John Podesta, 68, served as White House chief of staff under Bill Clinton, as an adviser to Barack Obama and as the campaign chairman for Democratic Party presidential candidate Hillary Clinton. During his interview, he sits with a loose tie in the historical hall of the guest house of the Hamburg city government, having just arrived on a trans-Atlantic flight. The same evening, he is to give the opening address at the annual Hamburg Media Dialogue conference. Since Clinton's defeat in November, Podesta has focused on his work and granted few interviews. He sat down for one with DER SPIEGEL during his visit to Germany.
SPIEGEL: Mr. Podesta, the election took place only six months ago. For many, though, it seems like an eternity has passed since Barack Obama's presidency. Are you suffering?
Podesta: Yeah, Donald Trump has given a new meaning to dog years. The only constant seems to be his unpredictability. America lives in a state of constant turmoil. There were those who thought maybe that would calm down when he became president, but what has happened is that the pressures of the presidency have actually exaggerated those tendencies. So rather than trying to find some sense of normalcy, we get the 6 a.m. Saturday tweets that Obama ordered the bugging of Trump Tower without any evidence and with his entire intelligence community telling him that was not true and a lie.
SPIEGEL: Did it take long for you to get used to the fact that Donald Trump is now sitting in the White House?
Podesta: I have not gotten used to it. I think there's more of a danger now than at any time since I've been working in politics, and that's a long time.
SPIEGEL: Do you fear he could unintentionally start a war?
Podesta: He's impetuous. There's a chance of a horrendous miscalculation that could lead to a conflict with North Korea. But there is good news. He has put together a group of people now that are realists, who are experienced, who know the consequences of false starts in military actions. He's listening more to James Mattis and less to Steve Bannon. That's good. That makes things a little more stable. But he's still on the phone at night talking to Philippine dictator Rodrigo Duterte and inviting him to the White House without anybody in the government knowing he's going to do that.
SPIEGEL: Is Trump a threat to American democracy?
Podesta: I think it's fair to say that to endorse Duterte's policy of extrajudicial killings in the Philippines is essentially to sweep out American values. He has no respect for the rule of law. He attacks judges personally who enter rulings that disagree with his view and they're personal. He's not arguing that his interpretation of the law is different. He attacks the media as "fake news" every time they write a story he doesn't like. He can do a lot of damage.
SPIEGEL: Can he destroy Obama's legacy in the period of just a few months? This week, Congress voted again on "Obamacare," which he wants to radically change. He also wants to repeal many environmental laws and regulations that you helped craft.
Podesta: It looks like it. In the long term, his rampage against the environment is a very challenging problem -- not just for the United States, but for the world. There's still hope because there is a very strong group of political leaders in the United States who are committed to moving forward. They have the authority and the means to continue the project of clean energy. And before Obama left, the tax breaks for installing new renewables were extended. So, they're in existence. Trump can't just shut them down as he tends to think. We can survive four years of him, but it's going to take the strong will of political leaders on the state level. And state attorneys general who won't just do what Trump wants.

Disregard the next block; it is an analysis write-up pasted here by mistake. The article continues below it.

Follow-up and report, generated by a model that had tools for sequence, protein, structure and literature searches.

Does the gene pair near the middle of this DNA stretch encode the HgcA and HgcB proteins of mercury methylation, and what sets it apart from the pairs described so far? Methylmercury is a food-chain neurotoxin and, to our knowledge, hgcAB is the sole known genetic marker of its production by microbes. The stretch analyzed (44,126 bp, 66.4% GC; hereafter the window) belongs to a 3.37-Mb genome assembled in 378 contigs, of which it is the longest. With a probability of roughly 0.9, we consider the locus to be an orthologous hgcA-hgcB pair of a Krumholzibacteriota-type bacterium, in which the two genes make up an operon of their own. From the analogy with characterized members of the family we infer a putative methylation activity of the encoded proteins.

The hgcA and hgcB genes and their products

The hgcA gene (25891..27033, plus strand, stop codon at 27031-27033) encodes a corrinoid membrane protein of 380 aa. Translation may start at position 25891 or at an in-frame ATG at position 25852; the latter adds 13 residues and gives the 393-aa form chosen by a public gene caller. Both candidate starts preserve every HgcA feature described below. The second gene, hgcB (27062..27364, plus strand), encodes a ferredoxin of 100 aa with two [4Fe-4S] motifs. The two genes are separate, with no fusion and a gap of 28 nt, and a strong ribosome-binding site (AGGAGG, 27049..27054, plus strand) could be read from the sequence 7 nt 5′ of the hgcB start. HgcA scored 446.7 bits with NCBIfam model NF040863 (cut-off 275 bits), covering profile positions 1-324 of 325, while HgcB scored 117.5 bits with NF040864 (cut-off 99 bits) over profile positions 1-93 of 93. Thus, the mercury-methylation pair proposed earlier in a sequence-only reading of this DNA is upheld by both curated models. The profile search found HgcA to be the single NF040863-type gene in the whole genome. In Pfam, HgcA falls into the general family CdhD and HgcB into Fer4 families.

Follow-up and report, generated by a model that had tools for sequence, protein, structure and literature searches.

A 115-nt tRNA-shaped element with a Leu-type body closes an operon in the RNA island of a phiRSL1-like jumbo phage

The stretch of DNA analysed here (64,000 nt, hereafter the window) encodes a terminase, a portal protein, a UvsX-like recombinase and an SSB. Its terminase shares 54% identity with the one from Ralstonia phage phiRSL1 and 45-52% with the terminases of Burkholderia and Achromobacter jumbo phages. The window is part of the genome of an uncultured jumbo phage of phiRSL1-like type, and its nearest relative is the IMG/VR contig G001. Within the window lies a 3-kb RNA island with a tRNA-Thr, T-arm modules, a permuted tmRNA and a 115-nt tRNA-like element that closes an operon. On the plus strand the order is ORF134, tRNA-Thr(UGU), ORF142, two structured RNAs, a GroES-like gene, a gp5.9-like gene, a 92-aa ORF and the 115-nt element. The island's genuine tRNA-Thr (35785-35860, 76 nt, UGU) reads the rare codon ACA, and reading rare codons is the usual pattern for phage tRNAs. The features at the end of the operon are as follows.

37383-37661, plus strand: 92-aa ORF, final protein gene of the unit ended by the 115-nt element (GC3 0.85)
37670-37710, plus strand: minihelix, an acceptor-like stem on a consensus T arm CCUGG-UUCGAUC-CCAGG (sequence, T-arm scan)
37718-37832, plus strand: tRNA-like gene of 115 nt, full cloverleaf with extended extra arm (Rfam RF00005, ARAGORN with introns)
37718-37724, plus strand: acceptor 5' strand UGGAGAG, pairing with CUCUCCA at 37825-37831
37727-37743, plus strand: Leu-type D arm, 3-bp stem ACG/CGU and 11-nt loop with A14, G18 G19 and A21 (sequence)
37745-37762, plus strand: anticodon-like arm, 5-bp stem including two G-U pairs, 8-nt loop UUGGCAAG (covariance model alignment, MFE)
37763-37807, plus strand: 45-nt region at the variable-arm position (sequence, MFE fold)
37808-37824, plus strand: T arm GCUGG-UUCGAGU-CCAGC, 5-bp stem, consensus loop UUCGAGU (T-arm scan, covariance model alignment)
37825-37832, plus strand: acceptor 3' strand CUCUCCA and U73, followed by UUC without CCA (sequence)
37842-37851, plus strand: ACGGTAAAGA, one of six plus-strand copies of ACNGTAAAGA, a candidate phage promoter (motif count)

SPIEGEL: You've compared Trump to Vladimir Putin, saying he's emulating the Russian president's successful propaganda strategy. Isn't that a bit of an exaggeration?
Podesta: I meant Putin's and Trump's efforts to manipulate the public. Trump wants to manipulate the media, to try and create a media environment where nothing can be true. I think he wants that sense in the country that any trusted sources, particularly anybody that opposes him, can't be trusted. Hillary got 3 million more votes than he did? Fake news for him. He won. He's in the White House, but he can't stand that fact. That breeds cynicism and distrust of the electoral process, of the democratic process itself, of any sense that your civic participation counts for anything.
SPIEGEL: Let's talk about last year again. How sure were you that you would win on Nov. 8?
Podesta: We felt like we had a lead. We always knew Donald Trump was a competitive candidate. He had consolidated Republicans in September. And there were certain groups of people who didn't want to vote for him, certain groups of people that didn't want to vote for us. We thought we were ahead. We had won three debates. We went into election night thinking and believing we were going to win.
SPIEGEL: Is that why it was so difficult for you to accept defeat? You went onstage at 2 a.m. and sent your supporters home. You told them they should get some sleep, that the votes were still being counted. By this point, however, many had already declared Trump would be the winner.
Podesta: We were still looking at votes in the three states: Wisconsin, Michigan and Pennsylvania. So maybe it was an exercise in disbelief or wishful thinking or something. We were still trying to find where maybe our vote models were off, where there were additional votes. There were still votes out in Philadelphia. There were still votes out in Milwaukee.
SPIEGEL: Eleven days before the election, FBI Director James Comey made the surprise announcement that his agency had reopened the investigation into Hillary Clinton's private email server because new documents had been found. Did this determine the outcome of the election?
Podesta: When a race is that close, there are a lot of things you could say decided the race. The letter from the FBI director 11 days out affected the race. I don't think there's any question about that. We saw the numbers begin to close. I think it was a horrendous exercise of judgment on Comey's part. It is made more inexplicable by the way he handled the Trump investigation (Eds: into the candidate's ties with Russia, which had already been launched in the summer before the election). But can I sit here and say that's what did it? Was it a bale of straw on the camel's back? I don't know, but a lot of independent analysts think it was decisive.
SPIEGEL: Would you say today that you underestimated the email affair? For months, the fact that Clinton had sent work emails from a private server dominated the campaign debate.
Podesta: No, I don't think we underestimated it. It was difficult. We got caught in a long-running trap of not being masters of our own fate because the investigation was ongoing. It was taking as long as they wanted it to take and there was no way for us to accelerate that. It was completely out of our control. If I had to do it over again, I wouldn't have returned the emails to the State Department. I would've just released them. Perhaps we could have ended the whole thing with it.